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Dining Out with a Child with Autism

Dining Out with a Child with Autism


Going out to dinner with a child who has autism can be very stressful, and I know you parents out there know exactly what I mean. Will they sit? Will they eat? Will I be able to eat? How much time will we have before we need to leave? My son is 13 years old and over the years I have learned a few things to make the experience manageable and sometimes even enjoyable now. Here are my tips:
 

Choose the right restaurant.

I always try to pick a child-friendly restaurant where there will surely be other children and is loud and upbeat, so that any sounds or noise my child makes will likely blend in with the others and no one will find the need to stare (hopefully).
 

Order the food to arrive at the same time.

I find it best to order everyone’s food all at once, this way it all comes together. If I order for him first, he will get it and finish eating before I even start. I will often even take a look at the menu online before we arrive so it does not take as long to decide what to order. Trust me, this save a bunch of time.
 

Bring distractions.

I call it my magic bag, and it has lots of things to occupy my son’s time at the table: books, headphones, video games—whatever it takes. Know what your child will need to help them sit for a period of time. What I carry with me has changed over time, as he has changed, but my bag is still always stocked and ready to go. This is very helpful!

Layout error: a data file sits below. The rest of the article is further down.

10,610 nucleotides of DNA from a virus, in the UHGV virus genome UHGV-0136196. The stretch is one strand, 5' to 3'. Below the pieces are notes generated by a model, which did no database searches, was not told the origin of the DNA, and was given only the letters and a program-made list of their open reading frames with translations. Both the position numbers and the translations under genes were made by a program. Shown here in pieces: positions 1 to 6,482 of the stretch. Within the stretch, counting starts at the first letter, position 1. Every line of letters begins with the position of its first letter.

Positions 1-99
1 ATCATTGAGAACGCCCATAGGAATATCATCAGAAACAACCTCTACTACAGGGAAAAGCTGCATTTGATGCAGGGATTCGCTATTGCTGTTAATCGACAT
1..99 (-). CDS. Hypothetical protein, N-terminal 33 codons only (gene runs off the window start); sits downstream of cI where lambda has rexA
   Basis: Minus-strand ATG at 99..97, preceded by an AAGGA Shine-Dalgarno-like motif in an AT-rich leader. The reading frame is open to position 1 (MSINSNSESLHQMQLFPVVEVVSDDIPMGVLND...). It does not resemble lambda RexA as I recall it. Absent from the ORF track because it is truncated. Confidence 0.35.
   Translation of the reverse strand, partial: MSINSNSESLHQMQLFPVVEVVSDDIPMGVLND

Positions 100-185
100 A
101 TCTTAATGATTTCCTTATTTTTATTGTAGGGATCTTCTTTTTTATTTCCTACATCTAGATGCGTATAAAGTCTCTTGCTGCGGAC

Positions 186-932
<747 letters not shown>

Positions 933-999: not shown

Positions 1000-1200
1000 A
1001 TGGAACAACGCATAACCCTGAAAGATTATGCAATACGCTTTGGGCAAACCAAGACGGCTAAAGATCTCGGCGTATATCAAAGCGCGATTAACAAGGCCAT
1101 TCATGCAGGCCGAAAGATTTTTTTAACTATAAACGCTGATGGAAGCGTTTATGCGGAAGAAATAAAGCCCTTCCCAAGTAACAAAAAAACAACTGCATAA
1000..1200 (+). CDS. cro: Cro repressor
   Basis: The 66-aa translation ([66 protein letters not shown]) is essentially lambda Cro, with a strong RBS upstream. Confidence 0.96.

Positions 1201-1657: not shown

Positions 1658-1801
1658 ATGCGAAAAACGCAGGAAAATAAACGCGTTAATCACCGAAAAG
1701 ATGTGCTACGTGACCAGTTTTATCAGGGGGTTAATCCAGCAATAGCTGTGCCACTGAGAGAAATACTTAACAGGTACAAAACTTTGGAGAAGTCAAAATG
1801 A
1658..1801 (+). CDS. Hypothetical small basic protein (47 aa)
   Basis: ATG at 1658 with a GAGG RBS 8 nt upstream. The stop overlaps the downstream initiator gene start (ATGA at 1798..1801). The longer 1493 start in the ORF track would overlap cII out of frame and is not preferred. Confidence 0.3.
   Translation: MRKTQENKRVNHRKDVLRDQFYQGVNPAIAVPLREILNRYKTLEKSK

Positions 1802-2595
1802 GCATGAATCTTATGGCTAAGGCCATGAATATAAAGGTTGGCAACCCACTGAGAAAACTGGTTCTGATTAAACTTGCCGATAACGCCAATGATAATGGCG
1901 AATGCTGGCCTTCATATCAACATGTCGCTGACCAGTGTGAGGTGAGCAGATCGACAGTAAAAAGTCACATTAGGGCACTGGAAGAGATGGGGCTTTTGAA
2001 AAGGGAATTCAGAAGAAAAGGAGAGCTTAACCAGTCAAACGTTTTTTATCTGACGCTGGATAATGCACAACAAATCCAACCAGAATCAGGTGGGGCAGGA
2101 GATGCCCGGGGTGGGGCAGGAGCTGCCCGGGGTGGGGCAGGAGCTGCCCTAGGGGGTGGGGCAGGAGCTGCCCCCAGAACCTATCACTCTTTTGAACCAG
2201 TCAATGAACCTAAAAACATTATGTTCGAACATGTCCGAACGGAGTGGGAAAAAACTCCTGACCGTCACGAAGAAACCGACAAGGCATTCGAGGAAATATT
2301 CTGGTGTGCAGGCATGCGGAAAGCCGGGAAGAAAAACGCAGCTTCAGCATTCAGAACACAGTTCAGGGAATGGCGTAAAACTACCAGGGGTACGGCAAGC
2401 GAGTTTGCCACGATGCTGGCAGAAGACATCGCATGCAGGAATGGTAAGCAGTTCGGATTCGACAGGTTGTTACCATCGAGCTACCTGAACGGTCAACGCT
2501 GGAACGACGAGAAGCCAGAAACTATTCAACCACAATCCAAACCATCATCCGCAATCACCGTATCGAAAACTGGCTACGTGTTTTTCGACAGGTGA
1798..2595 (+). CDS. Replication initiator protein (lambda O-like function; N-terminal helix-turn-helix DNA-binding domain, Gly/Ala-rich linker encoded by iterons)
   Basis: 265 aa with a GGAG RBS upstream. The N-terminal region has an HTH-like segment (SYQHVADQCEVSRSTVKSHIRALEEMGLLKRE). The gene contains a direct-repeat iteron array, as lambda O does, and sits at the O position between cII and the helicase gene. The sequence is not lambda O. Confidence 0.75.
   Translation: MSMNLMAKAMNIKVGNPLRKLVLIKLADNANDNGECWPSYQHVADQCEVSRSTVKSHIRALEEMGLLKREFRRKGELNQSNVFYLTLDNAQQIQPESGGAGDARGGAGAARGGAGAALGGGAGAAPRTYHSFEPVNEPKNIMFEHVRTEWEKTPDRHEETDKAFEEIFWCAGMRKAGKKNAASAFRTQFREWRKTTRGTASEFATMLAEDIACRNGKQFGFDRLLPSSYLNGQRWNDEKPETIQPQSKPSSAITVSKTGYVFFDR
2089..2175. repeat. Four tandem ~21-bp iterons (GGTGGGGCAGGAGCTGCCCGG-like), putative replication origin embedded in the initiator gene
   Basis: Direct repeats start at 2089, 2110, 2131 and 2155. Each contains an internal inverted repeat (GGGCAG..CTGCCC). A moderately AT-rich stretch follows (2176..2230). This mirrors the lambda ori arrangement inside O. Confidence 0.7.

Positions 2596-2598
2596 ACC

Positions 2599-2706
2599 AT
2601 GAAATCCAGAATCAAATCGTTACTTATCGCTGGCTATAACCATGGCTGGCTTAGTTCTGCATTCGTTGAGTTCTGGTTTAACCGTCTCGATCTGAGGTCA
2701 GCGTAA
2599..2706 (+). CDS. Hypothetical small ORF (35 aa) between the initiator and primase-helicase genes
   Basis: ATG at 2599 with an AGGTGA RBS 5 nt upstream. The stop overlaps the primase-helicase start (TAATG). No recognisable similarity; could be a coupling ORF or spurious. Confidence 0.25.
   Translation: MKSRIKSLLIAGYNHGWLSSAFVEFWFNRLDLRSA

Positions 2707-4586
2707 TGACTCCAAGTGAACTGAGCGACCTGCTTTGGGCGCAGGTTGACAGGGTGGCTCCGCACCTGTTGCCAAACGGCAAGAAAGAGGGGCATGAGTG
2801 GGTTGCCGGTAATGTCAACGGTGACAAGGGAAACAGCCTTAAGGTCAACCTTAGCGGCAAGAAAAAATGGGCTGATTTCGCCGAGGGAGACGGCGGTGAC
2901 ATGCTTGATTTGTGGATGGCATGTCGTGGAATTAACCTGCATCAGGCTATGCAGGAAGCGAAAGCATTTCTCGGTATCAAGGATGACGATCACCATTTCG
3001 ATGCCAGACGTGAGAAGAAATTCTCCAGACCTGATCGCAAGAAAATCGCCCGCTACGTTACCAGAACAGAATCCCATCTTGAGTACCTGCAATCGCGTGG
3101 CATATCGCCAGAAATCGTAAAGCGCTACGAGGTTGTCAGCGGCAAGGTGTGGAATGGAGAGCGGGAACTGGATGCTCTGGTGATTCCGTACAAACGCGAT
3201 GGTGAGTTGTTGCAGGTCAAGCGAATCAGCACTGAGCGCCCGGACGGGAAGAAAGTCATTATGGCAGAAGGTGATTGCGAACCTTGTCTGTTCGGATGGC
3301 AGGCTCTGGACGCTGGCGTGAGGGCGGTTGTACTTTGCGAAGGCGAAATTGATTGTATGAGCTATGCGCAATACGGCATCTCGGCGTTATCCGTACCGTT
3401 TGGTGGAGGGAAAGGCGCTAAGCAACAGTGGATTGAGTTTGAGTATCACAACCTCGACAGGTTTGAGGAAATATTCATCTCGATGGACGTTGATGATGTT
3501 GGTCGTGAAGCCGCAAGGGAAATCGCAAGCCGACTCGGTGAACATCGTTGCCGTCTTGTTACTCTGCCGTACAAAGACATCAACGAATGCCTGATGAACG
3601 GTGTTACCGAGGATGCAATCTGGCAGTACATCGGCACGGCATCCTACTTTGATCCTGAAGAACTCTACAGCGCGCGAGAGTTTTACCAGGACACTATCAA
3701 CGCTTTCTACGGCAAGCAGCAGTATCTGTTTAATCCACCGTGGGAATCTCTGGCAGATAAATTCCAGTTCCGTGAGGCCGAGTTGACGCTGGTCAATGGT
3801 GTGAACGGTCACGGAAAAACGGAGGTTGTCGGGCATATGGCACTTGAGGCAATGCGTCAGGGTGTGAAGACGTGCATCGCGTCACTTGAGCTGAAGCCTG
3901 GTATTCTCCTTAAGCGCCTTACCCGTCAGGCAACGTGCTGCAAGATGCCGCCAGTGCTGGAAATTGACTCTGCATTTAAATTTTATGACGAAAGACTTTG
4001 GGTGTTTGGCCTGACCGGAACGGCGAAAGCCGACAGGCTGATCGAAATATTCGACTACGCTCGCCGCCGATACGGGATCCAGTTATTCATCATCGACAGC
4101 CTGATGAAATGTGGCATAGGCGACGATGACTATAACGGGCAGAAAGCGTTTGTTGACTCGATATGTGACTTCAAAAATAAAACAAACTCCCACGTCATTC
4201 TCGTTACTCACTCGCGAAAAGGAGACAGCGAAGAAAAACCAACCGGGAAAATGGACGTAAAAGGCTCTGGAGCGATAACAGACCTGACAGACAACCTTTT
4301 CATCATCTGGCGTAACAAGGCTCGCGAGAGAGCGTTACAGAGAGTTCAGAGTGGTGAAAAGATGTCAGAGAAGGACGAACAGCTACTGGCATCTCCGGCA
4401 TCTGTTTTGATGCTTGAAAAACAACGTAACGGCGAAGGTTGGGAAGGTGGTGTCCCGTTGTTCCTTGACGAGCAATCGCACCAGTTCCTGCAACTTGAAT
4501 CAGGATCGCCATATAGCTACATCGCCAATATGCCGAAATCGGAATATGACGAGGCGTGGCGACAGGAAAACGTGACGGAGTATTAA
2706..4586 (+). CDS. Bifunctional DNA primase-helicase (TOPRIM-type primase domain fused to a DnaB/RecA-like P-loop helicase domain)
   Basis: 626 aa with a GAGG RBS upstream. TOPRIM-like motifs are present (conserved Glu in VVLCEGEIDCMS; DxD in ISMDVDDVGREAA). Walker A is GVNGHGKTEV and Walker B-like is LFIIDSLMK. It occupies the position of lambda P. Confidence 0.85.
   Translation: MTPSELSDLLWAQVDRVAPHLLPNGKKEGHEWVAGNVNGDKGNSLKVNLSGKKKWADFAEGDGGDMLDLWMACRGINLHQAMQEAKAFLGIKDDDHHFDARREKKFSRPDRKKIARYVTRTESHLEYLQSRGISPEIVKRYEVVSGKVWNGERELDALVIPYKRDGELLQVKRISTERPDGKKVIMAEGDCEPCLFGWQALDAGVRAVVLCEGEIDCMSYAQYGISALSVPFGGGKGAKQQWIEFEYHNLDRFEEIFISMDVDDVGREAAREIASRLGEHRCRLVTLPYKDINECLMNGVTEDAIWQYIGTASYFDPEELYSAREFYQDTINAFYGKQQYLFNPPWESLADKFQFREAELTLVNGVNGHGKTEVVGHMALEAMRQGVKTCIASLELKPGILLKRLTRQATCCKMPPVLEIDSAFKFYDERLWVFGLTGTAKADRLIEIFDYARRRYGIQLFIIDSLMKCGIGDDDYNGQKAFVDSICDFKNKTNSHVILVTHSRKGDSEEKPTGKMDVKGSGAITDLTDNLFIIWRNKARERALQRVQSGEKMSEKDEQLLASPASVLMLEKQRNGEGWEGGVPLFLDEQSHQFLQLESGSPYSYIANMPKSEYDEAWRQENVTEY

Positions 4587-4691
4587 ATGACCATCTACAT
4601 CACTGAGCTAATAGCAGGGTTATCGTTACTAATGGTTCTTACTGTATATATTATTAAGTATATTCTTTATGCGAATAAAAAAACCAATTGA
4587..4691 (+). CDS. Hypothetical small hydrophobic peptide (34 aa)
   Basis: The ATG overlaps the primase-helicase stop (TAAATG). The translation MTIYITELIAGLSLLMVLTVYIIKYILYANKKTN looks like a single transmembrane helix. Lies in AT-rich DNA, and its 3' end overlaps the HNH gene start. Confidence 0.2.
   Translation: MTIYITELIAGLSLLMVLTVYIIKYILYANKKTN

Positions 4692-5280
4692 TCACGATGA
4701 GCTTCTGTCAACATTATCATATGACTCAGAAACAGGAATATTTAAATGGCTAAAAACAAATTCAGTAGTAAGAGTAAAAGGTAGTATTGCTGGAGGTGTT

Seat him where he is most comfortable.

I have found that where my son sits at the table has an effect on the outing. I try not to place him in an aisle where people pass by and his chair may be continuously bumped. This might cause some frustration and is something I would be trying to avoid in a restaurant. I find the best place for him to sit is with the back of his chair up against a wall.
 

Get the check right away.

Once we have just about finished eating, I will ask for the check. This way, it is at the table and you don’t have to track down your server if your child has reached her limit. Even if you are able to sit for a little bit, you know that you have the check, so you can get up and leave when you are ready to go.


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Dana Greenberg

Author:

 Dana Greenberg is a mom of twins living in Manhattan. Dana's site The Autism Club was created as a way to connect moms who have kids with special needs, like her son Jack--who has autism--and offer them a space to tell their stories. You can follow Dana on Twitter @theautismclub or on Facebook @theautismclub.

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